I eventually cycled back into Ranger School and went straight through to Florida phase – 61 days without a hitch. Well, fifty-something days then a hitch, and I recycled again, this time in the swamps of the Florida Panhandle in June. This recycle wasn’t so bad – it was only ten days, whereas the first was so long that I fed the class that I started with their graduation breakfast. In Florida, I ate lots of ice cream sandwiches. I also debated the merits of dumpster diving for last night’s cream pies with my most respectable peers – Ranger School is extremely debasing. We didn’t do it. I did eventually make it out, and with a tab. I know people who spent six months in the course and did not earn that coveted bit of cloth. The things we esteem.

Five days after I finished my Ranger training, I looked like a Holocaust victim. The cadre allow that time to feed students sort of like like foie gras ducks, beyond the public eye before we re-entered society. I wish I’d taken a picture that day. The image of me standing in a striped shirt in front of a full-length mirror is seared on my mind; my knees and elbows protruded. Ranger School is a brutal place that exacts a weighty toll on its students: I lost a fifth of my body weight and, likely, years on my life. My brother had a chance to go; he took my example and chose another way. He’s still in the Army; I got kicked out – but that’s another story.

I graduated on 13 July 2012. I hit my year mark at my apartment complex in August. My buddy John was always scheming, and his latest scheme was to provide fully furnished apartments to lieutenants in a luxury apartment complex. He pulled in furniture from one place, kitchenware from another, and clients from me and my friends. We all decided that it’d be worth a go – my place was kind of trashy, to be honest – so we signed up en masse and moved in quick. He was soon at capacity, and I was a third man in an apartment with people I hardly knew. John, he did everything under the table, acting as if in doing so, he were doing us a favor. In retrospect, that was a really, really bad idea – for him and us both.

Outprocessing at Benning is notoriously difficult for new lieutenants. We spend all of our time as students clustered in one small area of the post or wandering the woods, and the clearing procedure required that we cover the entire map, and without a good one. This was before smart phones matured – we had blurry 8-1/2 x 11 sheets of paper. That, and government employees with irregular hours… it was awfully stressful, and for no reason at all. So, when it came time to to move out of my place, I was already pretty frayed. The Army is nothing if not frustrating. That’s the nature of bureaucracy.

On top of this stress, comes John. I’d spent maybe two months at his place, and it was time for me to move on. We’d done that underhanded contract a few months back, and I’d given him a $700 deposit – a lot to most people. I hadn’t damaged my apartment, so I wanted my deposit back. He wouldn’t give it to me. Instead, he cooked up a story in which neither my brother nor my good friend had paid their deposits, so my deposit covered one of theirs. To get it back, I’d have to get them to pay up. I ardently believed, and still believe, that this was a crock of shit, and I wasn’t having it. The tension escalated day by day; my friend was no longer a friend.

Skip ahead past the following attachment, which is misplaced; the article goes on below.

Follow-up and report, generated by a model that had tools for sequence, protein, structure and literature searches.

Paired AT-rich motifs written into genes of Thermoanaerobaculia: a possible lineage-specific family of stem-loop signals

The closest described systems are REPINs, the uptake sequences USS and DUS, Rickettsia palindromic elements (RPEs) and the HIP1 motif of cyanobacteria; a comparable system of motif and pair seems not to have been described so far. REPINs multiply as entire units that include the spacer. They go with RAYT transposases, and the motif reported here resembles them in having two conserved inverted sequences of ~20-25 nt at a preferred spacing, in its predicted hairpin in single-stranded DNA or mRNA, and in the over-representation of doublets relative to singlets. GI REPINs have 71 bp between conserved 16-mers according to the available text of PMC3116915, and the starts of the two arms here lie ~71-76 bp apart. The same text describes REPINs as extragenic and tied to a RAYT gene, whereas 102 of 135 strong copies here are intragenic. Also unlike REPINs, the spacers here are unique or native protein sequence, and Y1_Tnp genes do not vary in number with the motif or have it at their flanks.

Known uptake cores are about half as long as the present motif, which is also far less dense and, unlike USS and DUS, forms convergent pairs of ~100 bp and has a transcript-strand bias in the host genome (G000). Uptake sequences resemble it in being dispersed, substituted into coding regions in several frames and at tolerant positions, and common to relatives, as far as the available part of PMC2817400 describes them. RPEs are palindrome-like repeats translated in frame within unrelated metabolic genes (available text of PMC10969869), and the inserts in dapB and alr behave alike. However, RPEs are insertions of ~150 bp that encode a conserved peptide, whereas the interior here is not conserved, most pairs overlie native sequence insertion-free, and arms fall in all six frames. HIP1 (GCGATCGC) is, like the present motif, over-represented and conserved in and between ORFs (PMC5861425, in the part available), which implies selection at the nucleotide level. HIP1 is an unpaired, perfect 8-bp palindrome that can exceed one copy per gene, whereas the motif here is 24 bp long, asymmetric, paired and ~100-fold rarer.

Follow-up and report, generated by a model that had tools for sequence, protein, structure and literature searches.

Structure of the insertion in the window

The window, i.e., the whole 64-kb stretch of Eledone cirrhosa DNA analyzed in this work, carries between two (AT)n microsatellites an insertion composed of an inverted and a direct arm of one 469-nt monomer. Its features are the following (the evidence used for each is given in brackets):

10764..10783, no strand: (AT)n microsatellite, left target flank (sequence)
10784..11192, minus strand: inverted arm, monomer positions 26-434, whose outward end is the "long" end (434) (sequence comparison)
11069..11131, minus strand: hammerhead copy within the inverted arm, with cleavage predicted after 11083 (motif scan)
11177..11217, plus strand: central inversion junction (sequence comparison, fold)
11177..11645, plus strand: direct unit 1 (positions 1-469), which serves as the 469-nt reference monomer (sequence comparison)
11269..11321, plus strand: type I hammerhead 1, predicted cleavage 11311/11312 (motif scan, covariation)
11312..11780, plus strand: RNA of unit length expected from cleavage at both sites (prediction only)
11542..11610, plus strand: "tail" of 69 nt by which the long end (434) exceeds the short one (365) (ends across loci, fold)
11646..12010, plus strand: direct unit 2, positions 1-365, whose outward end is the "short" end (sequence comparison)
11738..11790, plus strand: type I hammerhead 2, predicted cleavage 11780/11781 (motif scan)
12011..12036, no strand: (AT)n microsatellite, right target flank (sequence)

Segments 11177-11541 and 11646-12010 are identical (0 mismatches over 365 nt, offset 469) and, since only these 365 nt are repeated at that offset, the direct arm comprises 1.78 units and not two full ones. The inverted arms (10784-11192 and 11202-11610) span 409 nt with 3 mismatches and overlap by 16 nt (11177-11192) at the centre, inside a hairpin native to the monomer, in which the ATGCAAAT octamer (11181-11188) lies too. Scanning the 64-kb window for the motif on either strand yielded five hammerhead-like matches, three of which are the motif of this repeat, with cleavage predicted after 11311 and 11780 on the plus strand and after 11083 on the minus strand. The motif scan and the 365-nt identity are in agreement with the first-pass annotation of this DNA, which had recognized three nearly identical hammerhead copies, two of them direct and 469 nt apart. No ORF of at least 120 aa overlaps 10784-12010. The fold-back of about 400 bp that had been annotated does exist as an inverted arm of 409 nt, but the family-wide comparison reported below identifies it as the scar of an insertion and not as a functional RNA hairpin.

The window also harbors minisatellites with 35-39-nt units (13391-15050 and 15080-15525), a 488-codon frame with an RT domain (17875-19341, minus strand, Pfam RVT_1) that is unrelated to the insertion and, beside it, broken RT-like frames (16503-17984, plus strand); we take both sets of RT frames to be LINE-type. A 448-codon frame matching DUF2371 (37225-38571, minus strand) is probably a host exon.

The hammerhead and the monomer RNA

I’m not a destructive person by nature. I’d grown up in the shadow of Matthew Shepard and 9/11, and I was an ardent idealist. I joined the infantry with this grand idea of being the guy who holds the hounds of war in check – me, a squeaky lieutenant. I’ve seen the dark core of my nature just twice in my life. One was precipitated by Butters, my Moroccan house kitten. The other was animated by John.

Our feud flourished. It spread to other West Pointers. We petitioned our friend’s father, a lawyer, and we initiated proceedings to get John on Fort Benning’s black list – an economic kiss of death, of a sort. In response, John spun terrible rumors among us, seeking to weaken us through division. He also stood between me and my flight. I don’t remember exactly how it resolved – he is still blacklisted, and I did not get my $700, but the specifics escape me. But one thing, I remember vividly. I vividly remember seriously contemplating harm to the only life he loved. I envisioned razor blades in peanut butter-coated apples, gifts  for his two beloved hounds. That’d teach him. It was awful. I know I can kill – I was bred to kill.

But my self-preservation instinct was stronger than my desire for vindication; years of Stoic meditation gave me the discipline to pass the test,  and I boarded the plane, peaceable but taut beyond belief – tension in the shoulders doesn’t cut it; I was rigid. My every thought on that flight was, ‘if Bavaria is like home, I’ll be alright.’ Over and over again – a verbal rosary. I don’t know how I’d have coped otherwise, not then.